Belonging in conflict

‘Tis the season when some of us will face family, tradition, obligatory appearances, and even the grief that surrounds choosing not to engage in these holiday stresses. Whether you are slapping on a smile and visiting family, creating a new tradition while navigating grief, or simply being paralyzed as to what path to take this year, just know you are not alone.

For those avoiding the potentially toxic family scene, there can exist relief and grief at the same time. Knowing what is best for your heart and mental health does not always mean you aren’t wishing things could be different. And for so many people this week, there have been deep losses and immense trauma that the past few years have carved into our lives which feel churned up during this time. For these folks, cultivating belonging during grief can feel cumbersome.

My hope for you, spinning in the grief of what was, what could have been, or of what is that doesn’t feel like enough or what you deserve…I hope you can rest. My hope is that whatever tradition you decide on, let it be one that looks and feels like nostalgia, holds you like a new friend with open possibilities, and warms and soothes you like deep healing. If you are staying home and making a taco bar (my chosen holiday tradition this year), seeing a movie at the theater, creating new memories by sharing stories with people, or even just taking a hot spa-like bath…please know that your grief is valid and proof of your ability to love. These holidays can mean more than one thing at the same time, and that dynamic possibility is yours to play with. It is through play, rest, wondering, and resilience that we find new meaning-making and an even more embodied sense of self.

For those taking the path leading back to a home, a family, or a history that feels heavy, tense, and ripe with potential conflict, I hope that you breathe. The secret to holidays is to know where you are in your own comfort, and then inform your choices based on what you can sustain, not tolerate. Making game plans about how long to visit Grandma, or what the escape word is are vital. There exists a possibility that we can interact with these spaces that feel so ready to explode without ensuring they do. That begins with a great understanding of yourself and your wellness. It’s vital to know how much stress you can tolerate, and what changes within you once you are saturated. It’s important to determine whether what you will hear and feel that harm you are worth the need you have to be in community with those doing the harm. Some of us have circumstances that don’t afford us to walk away from complicated situations and interactions simply because they hurt. I acknowledge that complexity while I wish for you a protected heart.

Here is the running list of tricks I use for the holidays as a person who has chosen many ways to engage with family, tradition, stress, and grief:

  • Acknowledge what you are inside of – we choke down a lot to save face some days and it ends up backfiring hours before or weeks after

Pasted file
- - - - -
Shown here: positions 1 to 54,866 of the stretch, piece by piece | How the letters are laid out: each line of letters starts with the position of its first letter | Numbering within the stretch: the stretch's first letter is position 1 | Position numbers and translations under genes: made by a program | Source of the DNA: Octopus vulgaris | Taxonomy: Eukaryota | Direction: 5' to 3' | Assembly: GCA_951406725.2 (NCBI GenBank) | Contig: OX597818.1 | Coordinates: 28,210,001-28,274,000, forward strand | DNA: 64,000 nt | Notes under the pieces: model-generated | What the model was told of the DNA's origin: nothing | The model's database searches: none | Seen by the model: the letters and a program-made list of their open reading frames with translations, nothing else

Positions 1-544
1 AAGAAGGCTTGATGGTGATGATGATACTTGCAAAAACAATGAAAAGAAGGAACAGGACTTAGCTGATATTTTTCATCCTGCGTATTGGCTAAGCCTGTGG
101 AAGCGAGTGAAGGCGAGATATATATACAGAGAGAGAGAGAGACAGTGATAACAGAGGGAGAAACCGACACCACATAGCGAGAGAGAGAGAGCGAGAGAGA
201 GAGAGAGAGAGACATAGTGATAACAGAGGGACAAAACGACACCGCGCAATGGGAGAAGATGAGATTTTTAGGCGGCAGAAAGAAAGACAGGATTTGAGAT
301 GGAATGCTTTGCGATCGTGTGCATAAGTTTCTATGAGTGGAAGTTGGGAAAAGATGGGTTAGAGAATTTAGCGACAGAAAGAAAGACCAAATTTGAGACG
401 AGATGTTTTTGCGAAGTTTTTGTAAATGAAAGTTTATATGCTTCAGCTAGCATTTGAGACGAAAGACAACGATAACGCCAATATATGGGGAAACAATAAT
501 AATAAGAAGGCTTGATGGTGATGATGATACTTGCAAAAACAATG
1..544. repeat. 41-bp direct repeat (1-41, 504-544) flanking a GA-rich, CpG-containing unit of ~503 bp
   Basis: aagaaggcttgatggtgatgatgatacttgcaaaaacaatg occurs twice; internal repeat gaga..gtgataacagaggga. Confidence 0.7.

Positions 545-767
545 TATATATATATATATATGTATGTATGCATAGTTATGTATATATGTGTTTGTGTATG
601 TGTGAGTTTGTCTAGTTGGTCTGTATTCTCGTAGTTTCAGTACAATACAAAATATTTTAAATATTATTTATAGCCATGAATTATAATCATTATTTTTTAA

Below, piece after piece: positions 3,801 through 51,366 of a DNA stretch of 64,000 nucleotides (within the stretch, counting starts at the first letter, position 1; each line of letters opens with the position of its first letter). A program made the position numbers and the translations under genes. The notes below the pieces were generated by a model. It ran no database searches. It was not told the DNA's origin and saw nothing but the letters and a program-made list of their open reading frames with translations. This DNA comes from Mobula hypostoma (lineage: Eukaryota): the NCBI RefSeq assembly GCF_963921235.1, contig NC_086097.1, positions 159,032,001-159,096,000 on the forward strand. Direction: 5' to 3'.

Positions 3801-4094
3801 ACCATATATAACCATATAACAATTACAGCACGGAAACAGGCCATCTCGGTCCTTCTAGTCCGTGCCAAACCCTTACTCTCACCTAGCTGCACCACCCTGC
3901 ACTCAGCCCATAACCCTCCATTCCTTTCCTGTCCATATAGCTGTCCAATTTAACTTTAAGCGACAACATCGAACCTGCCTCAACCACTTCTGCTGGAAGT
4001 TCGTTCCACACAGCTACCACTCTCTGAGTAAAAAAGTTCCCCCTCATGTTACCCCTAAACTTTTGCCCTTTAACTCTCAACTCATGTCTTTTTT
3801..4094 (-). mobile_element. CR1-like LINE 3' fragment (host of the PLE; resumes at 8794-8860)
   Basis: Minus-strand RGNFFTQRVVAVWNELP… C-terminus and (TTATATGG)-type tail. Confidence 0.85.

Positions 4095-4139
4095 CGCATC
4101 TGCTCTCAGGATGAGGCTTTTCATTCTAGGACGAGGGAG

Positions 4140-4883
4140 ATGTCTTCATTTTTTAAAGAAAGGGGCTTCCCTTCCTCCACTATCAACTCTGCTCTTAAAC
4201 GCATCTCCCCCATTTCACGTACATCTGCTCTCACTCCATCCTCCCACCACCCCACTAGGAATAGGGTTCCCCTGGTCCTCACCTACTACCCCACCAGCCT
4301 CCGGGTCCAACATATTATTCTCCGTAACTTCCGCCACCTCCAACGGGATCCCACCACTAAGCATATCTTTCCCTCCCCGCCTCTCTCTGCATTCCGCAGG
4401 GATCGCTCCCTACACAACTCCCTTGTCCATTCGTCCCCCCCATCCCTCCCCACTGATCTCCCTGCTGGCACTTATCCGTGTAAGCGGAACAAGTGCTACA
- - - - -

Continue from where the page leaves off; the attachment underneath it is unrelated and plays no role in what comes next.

• Be able to acknowledge when you have hit your threshold– this is well before a conflict if we are honest with ourselves
  • Know what you need holistically – family or new traditions aside- do you need quiet? Are you experiencing skin hunger? Do you need to grieve? Can you access playfulness? How does a walk in the woods or a hot bath sound? Somatic needs being met can unlock a less activated body
  • Create an insulated you – your worth is not dictated by whether a family member can accept you. Your belonging isn’t changed by a holiday without a lot of folks around. There is no moral, value, or worth assignment to the choices that you make for your own self in regard to your boundaries. You are valid, loved, held, witnessed, and worth it just because you are here
  • Fighting the people doesn’t change the game – racism, violence, trans people, religious weaponry, all the hot topics you may literally personify while being argued with. Disturbing your peace to take on Uncle Jim won’t change his values; it will only change your peace. There is a curious cycle I have even found myself in when the holidays and my own stress and hurt have made me laser-focused on the bait set at the table. Don’t take the bait, and don’t be the bait. If you are positioned around people with violent values this holiday season, simply accept that is a choice being made every day of that person’s life and then decide if that is a tolerable situation to enter. While I used to focus on the person, I have now realized my efforts always should have been focused on the source and institution- and that doesn’t ever happen at a bigot’s 8-seater table. Be more intentional with where you place your emotional effort. And get fed where you can.
  • Breathe – relax your jaw and shoulders. Uncurl your toes and spine. Stretch out your arms and legs. Roll your neck and touch your own face. Stay here. There is beauty in confronting what needs to change and choosing our own wellness. Make that the focus of the holiday season and may it show you a new version of yourself and what is possible to cultivate.

You belong. You are loved. You are held. You are home.

One response to “Belonging in conflict”

  1. Morgan Rumple-Whiting Avatar
    Morgan Rumple-Whiting

    Thank you for sharing this! It resonated with me throughout the whole thing. Thank you for the reminder to breathe and that it is okay to not be okay and to walk away. I feel incredibly seen, valued, and loved. ❤️


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